Medical professional are not, of course, in favor of panicking, freaking out or worrying about faces falling off. But they do want people to take the pandemic very seriously.

Mike Osterholm, director of the University of Minnesota’s Center for Infectious Disease Research and Policy, has warned that residents of middle America would be mistaken to believe they will be immune to the horrible conditions that have struck large cities in China, Europe and even America’s East Coast.

“The virus will find everyone. It may start in the cities, but I can tell you that it is going to hit central Minnesota,” Osterholm said in a March 26 column in The New York Times. “Don’t be on the wrong side of this. This is all of us against the virus, not red states versus blue states. And if we all don’t act now, one day it will just be one big (COVID-19) fire.”

Closer to home, Bartlett made the same point, asking people to remember the death tolls in Italy and New York City: “That can be southern Minnesota if we don’t practice social distancing.”

And the efforts most Minnesotans have made to follow the social-distancing guidelines in the past month already have slowed the rate of infection.

“It’s working,” Bartlett said. “Social isolation works.”

Death is part of life

“About 90 people die each day from motor vehicle crashes on US roads, according to the latest CDC Vital Signs. ... So we should stop driving altogether,” wrote Thate on March 19, employing some sarcasm.

“My god, people are so stupid. How many people die from obesity every day? They don’t shut down the restaurants over that,” Joe Cadorette, of Waseca, wrote the same day.

“I don’t wish death on anyone, but to shut down the state for something that more people die from medical error from is insane to me,” Angie Riley added.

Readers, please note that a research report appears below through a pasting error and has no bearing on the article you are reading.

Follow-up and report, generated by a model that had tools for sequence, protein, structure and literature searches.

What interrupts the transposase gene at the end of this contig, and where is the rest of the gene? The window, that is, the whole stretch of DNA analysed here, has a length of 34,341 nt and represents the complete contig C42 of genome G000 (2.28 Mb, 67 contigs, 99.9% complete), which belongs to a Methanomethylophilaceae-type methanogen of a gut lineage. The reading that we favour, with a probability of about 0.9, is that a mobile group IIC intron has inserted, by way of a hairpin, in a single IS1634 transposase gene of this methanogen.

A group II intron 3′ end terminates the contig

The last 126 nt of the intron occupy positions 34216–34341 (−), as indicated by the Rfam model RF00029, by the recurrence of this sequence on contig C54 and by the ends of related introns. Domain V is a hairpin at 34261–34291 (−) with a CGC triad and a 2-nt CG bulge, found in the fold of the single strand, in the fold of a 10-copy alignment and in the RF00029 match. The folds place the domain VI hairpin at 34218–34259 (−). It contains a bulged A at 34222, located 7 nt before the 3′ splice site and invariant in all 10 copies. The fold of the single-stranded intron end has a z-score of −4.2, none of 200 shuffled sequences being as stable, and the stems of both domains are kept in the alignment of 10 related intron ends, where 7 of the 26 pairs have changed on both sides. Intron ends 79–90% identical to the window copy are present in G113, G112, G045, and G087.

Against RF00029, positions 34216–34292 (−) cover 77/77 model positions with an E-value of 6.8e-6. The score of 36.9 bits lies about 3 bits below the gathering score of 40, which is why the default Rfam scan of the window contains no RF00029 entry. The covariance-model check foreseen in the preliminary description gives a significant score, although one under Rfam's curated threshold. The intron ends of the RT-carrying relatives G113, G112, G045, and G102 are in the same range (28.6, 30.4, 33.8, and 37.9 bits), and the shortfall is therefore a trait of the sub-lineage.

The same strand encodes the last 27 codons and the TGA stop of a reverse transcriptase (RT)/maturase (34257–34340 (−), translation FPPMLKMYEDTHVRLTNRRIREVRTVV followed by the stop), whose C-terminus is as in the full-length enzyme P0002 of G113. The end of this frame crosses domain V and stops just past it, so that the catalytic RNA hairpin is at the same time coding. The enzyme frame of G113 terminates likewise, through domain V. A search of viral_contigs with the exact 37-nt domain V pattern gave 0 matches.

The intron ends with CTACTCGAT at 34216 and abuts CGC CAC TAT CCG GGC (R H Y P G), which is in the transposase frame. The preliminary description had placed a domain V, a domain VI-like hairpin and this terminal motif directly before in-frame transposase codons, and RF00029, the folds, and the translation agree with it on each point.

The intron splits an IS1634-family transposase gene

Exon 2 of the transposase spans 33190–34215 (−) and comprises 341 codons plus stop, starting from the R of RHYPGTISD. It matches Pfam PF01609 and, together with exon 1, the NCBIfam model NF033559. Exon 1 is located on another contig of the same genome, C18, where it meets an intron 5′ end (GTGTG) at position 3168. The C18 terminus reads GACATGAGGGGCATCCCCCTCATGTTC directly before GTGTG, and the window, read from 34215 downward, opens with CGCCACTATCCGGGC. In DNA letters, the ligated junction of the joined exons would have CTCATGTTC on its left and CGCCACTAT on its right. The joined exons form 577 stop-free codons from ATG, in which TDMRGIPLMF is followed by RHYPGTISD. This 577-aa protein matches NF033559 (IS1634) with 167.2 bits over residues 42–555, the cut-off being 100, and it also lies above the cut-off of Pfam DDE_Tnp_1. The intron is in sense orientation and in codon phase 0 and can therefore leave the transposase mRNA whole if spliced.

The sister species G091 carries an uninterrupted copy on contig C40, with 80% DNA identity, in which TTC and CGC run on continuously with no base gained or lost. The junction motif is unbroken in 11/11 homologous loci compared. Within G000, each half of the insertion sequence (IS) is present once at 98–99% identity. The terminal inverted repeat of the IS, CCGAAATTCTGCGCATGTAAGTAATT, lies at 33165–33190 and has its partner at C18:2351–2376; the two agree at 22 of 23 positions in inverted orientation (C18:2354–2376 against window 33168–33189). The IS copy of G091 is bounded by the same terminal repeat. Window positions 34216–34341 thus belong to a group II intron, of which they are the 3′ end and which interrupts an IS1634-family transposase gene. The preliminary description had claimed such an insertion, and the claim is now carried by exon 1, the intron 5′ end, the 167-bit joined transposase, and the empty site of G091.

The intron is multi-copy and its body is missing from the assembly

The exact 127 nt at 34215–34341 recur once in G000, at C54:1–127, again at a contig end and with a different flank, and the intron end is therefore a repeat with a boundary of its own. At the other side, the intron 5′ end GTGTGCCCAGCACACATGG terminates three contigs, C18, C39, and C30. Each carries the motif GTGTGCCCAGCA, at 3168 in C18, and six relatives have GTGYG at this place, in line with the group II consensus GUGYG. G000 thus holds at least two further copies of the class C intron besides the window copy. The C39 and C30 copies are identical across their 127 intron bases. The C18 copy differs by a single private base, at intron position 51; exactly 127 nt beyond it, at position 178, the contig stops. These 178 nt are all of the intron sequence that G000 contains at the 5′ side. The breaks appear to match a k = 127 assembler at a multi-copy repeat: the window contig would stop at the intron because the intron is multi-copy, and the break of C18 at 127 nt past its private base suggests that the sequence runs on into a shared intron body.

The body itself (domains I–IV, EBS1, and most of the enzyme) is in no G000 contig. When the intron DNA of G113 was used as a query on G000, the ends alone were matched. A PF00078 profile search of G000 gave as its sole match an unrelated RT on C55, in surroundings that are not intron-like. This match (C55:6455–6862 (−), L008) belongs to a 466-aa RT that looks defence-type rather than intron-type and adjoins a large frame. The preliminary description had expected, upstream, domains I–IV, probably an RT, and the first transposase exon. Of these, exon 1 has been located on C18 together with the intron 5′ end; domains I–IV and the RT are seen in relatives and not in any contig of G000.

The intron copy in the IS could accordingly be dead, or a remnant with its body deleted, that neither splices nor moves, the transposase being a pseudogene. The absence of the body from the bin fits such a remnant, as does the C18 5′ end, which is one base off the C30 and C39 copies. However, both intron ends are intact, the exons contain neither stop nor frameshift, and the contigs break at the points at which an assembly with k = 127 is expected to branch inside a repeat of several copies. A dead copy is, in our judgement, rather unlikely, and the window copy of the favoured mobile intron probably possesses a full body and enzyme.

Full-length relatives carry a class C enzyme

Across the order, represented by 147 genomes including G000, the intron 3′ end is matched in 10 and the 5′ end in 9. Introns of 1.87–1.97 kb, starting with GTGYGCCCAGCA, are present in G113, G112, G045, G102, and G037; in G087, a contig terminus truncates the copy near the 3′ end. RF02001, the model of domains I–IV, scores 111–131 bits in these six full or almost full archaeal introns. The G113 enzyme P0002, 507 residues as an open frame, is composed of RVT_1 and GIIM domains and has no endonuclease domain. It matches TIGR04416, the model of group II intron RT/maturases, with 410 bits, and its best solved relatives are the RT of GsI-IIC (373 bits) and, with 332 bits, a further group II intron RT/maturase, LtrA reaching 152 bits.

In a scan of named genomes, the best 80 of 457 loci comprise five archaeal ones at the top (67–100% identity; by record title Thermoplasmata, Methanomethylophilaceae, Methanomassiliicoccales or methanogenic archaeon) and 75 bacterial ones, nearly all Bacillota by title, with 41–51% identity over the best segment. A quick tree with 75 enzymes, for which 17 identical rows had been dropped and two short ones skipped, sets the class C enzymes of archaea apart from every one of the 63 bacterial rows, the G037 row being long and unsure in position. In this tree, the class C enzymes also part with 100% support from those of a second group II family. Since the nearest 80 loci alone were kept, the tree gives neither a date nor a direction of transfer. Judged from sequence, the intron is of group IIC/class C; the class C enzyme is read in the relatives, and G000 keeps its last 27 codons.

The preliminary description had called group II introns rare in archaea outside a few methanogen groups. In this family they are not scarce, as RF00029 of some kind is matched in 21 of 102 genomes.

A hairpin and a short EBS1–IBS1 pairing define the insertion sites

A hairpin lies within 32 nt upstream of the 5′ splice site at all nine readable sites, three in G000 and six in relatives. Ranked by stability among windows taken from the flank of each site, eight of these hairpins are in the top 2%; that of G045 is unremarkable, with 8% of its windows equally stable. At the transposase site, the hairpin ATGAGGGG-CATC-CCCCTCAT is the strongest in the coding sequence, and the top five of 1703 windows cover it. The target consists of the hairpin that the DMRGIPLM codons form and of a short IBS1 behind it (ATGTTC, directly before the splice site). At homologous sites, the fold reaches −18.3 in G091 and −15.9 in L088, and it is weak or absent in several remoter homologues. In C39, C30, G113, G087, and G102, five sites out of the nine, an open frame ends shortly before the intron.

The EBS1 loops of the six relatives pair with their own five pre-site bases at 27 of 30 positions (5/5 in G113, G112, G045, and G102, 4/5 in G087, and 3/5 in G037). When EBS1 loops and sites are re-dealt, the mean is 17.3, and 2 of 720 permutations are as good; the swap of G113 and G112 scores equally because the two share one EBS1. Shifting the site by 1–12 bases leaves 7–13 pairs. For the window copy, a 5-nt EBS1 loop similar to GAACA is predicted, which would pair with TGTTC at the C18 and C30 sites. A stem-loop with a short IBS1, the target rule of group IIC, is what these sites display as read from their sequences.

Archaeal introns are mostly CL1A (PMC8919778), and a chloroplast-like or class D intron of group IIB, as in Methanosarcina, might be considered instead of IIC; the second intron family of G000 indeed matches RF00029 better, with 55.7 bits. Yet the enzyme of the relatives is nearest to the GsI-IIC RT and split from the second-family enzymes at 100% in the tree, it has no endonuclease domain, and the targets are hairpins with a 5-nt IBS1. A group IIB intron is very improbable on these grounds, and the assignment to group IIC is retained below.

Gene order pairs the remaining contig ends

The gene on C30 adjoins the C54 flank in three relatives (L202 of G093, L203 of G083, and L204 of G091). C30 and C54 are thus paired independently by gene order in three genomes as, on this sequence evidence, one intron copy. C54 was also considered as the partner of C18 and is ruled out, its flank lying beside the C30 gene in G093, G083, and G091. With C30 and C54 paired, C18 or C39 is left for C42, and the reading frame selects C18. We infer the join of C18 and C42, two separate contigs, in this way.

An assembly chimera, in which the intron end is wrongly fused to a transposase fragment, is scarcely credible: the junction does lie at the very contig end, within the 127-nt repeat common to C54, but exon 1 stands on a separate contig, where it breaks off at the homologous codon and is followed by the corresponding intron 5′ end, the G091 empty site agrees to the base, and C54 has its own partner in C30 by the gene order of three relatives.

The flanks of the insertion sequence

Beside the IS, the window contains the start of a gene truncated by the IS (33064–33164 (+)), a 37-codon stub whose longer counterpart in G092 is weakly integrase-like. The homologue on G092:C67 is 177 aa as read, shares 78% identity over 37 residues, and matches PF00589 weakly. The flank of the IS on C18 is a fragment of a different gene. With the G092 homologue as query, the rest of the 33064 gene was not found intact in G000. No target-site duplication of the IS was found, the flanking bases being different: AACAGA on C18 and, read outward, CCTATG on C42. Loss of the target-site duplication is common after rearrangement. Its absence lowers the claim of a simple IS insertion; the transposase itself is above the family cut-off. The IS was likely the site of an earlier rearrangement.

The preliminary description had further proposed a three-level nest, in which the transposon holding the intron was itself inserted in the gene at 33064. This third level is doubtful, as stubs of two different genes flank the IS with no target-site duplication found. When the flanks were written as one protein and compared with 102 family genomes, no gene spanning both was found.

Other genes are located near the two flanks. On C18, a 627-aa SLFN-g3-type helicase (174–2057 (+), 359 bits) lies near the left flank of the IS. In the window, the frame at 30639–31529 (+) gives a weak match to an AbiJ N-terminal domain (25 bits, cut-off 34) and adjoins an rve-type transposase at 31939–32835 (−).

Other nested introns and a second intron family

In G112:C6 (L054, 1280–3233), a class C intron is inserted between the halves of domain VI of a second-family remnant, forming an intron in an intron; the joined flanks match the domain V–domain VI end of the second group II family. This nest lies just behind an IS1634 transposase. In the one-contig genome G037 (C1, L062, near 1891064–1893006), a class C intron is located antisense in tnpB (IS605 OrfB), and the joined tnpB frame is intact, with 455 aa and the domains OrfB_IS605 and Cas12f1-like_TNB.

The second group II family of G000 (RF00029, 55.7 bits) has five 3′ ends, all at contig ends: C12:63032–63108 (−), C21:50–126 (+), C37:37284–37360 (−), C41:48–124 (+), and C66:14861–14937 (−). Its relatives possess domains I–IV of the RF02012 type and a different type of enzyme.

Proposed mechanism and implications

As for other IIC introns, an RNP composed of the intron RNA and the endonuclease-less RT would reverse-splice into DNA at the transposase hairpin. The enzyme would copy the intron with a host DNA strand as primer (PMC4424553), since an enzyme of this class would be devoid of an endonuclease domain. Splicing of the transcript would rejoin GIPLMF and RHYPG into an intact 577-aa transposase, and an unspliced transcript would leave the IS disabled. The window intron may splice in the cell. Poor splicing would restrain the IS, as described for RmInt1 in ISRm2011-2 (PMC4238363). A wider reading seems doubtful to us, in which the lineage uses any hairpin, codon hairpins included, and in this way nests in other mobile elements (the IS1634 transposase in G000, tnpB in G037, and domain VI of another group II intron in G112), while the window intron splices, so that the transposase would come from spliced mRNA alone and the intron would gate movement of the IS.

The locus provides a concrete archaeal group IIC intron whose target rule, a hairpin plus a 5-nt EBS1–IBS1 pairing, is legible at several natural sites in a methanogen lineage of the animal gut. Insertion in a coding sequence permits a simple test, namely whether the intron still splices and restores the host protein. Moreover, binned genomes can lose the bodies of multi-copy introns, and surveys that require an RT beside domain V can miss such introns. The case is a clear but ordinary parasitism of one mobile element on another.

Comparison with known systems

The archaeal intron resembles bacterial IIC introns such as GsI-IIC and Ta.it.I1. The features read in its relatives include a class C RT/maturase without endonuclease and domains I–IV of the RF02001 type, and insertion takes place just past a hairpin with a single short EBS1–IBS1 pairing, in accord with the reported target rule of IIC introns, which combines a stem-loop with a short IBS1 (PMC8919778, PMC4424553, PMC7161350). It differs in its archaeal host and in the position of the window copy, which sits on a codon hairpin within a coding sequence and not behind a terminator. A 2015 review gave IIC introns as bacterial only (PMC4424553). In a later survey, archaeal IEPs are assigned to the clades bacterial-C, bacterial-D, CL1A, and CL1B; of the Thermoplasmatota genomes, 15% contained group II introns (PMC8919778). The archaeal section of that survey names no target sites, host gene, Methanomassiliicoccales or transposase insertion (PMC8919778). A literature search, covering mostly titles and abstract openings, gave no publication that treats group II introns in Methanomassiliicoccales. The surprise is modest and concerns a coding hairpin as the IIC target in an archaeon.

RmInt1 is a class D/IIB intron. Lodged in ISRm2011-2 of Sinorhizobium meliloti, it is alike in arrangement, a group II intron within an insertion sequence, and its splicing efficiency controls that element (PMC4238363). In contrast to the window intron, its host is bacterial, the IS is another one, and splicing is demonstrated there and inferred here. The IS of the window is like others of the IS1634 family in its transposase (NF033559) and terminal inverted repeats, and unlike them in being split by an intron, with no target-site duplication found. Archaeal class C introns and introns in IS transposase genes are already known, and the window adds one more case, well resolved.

As Thate, Cadorette and Riley were weighing in on The Free Press Facebook page on March 19, Dr. Anthony Fauci was asked during an interview on CNN: “Swine flu, 61 million Americans affected, 12,000 people died. We didn’t do all this crazy stuff with the economy.”

“This is different. This is totally different,” responded Fauci, director of the National Institute of Allergy and Infectious Diseases. “The swine flu of 2009, the H1N1, was truly a pandemic. It spread widely. However, its lethality, its capability of causing really bad harm with morbidity, mortality was much less than what we’ve seen in China, what we’ve seen in South Korea, what’s going on in Europe, and with what we’re starting to see now in our own country. So there’s worlds of difference between those two.”

On March 19, when Thate was noting that an average of 90 Americans died in car crashes each day, it seemed like a lofty number compared to coronavirus deaths. At that point, from the start of the entire epidemic, only 187 Americans had died of COVID-19, just 26 in the state of New York.

Since then, the COVID-19 death toll has rocketed upward. As of Saturday afternoon, 19,882 Americans had died from the pandemic — surpassing Italy for the most in the world, according to a tally kept by Johns Hopkins University. New deaths reported on Friday topped 2,100 in the United States — the first country to have so many in a single day. The reported one-day death count in New York alone exceeded 700 on Tuesday, and again on Wednesday, Thursday and Friday.

In the first three months since the coronavirus’ arrival in the United States, COVID-19 already has nearly doubled the swine flu’s 12-month death toll in America.

And COVID-19 is currently the leading cause of death in America, surpassing accidents, cancer and heart disease, according to Newsweek magazine.